The US Environmental Protection Agency (EPA) and the US Department of Justice (DOJ) announced that Essroc Cement Company has agreed to pay a US$1.7m penalty and invest approximately US$33m in pollution control technology to resolve alleged violations of the Clean Air Act (CAA) at six of its cement plants. The settlement will protect Americans’ health by reducing more than 7000tpa of nitrogen oxides (NOx) and sulphur sioxide (SO2) pollution each year. Essroc has also agreed to spend US$745,000 to mitigate the effects of past excess emssions from its facilities.
"EPA is committed to cutting illegal air pollution from the largest sources of emissions," said Cynthia Giles, assistant administrator for EPA’s Office of Enforcement and Compliance Assurance. "The pollution controls required by today’s settlement will reduce harmful air pollutants, protecting communities across the nation."
"These comprehensive measures at multiple Essroc facilities will achieve substantial reductions in harmful air pollution and result in cleaner, healthier air for many people across the country," said Ignacia S. Moreno, assistant attorney general for the Environment and Natural Resources Division of the Department of Justice. "This will bring Essroc into compliance with the nation’s Clean Air Act and marks significant progress in addressing the nation’s largest sources of air pollution, and protecting the most vulnerable among us, especially children and the elderly, from respiratory and other health problems."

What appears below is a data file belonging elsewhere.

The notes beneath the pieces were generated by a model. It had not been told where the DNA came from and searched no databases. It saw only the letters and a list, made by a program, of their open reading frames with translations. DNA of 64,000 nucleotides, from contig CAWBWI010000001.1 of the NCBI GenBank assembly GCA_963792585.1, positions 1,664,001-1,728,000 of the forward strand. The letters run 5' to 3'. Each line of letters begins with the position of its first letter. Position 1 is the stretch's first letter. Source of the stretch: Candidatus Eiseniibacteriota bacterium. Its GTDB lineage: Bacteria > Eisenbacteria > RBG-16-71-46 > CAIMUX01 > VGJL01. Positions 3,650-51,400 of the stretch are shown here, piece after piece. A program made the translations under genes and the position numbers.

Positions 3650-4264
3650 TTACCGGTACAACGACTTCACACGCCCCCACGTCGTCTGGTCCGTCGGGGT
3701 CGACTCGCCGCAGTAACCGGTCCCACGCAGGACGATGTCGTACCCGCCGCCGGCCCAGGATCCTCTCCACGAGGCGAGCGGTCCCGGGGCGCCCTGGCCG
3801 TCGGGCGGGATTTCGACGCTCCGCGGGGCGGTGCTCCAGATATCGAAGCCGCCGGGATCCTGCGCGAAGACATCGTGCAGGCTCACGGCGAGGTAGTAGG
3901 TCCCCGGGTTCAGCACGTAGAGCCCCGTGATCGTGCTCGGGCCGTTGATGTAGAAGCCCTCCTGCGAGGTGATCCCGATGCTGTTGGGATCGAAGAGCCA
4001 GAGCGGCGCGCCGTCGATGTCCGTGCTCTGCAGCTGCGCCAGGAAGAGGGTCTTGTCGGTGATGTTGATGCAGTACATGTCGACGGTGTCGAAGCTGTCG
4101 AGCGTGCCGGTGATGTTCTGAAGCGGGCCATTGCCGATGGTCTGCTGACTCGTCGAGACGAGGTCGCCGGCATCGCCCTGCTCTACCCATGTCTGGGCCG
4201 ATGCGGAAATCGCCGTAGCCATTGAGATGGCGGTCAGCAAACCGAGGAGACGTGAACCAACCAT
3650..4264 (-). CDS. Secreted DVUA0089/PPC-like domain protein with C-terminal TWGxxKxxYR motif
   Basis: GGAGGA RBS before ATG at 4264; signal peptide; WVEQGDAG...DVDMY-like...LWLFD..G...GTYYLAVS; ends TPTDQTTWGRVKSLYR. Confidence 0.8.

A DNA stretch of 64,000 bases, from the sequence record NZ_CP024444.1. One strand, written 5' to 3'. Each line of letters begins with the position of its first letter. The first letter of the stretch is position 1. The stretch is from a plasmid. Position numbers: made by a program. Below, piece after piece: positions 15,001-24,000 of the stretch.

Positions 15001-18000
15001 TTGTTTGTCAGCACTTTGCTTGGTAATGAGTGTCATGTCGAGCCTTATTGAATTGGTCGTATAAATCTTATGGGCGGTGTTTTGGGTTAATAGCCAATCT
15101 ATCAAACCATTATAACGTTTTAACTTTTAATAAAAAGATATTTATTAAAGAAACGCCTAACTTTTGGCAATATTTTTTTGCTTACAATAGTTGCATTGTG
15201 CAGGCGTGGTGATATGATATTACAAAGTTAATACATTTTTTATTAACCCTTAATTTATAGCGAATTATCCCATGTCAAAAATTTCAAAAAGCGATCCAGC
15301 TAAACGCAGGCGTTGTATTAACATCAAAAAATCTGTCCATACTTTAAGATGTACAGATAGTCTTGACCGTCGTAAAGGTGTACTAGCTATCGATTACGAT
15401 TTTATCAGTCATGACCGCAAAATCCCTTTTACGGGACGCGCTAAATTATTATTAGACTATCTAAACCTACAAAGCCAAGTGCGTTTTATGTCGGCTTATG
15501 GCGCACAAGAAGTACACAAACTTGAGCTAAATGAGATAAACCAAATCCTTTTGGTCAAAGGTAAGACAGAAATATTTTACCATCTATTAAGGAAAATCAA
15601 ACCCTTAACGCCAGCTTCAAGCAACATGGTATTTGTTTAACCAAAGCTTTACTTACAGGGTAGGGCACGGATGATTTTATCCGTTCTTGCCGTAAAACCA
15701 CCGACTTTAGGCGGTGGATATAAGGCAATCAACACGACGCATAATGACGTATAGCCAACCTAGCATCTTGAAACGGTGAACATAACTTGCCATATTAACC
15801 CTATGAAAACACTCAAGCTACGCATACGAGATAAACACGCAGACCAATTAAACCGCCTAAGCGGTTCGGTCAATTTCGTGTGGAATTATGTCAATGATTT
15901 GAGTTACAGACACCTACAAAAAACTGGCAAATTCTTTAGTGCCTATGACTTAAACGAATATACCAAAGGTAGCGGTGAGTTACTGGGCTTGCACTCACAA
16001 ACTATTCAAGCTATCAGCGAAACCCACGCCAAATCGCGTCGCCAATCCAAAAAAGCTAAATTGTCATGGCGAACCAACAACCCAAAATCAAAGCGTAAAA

Under the settlement, Essroc will install state of the art pollution control technology to control SO and NOx at five of its plants and demonstrate a selective catalytic reducttion system(SCR) at two long wet kilns in its Logansport, Ind,. plant. If successful, this will be the first SCRs used on long wet kilns anywhere in the world. Essroc will also permanently retire its sixth plant, located in Bessemer, Penn. This plant is currently out of operation and its permanent retirement will ensure that the facility does not restart without proper permitting under the CAA.
Reducing air pollution from cement plants is one of EPA’s National Enforcement Initiatives for 2011-2013.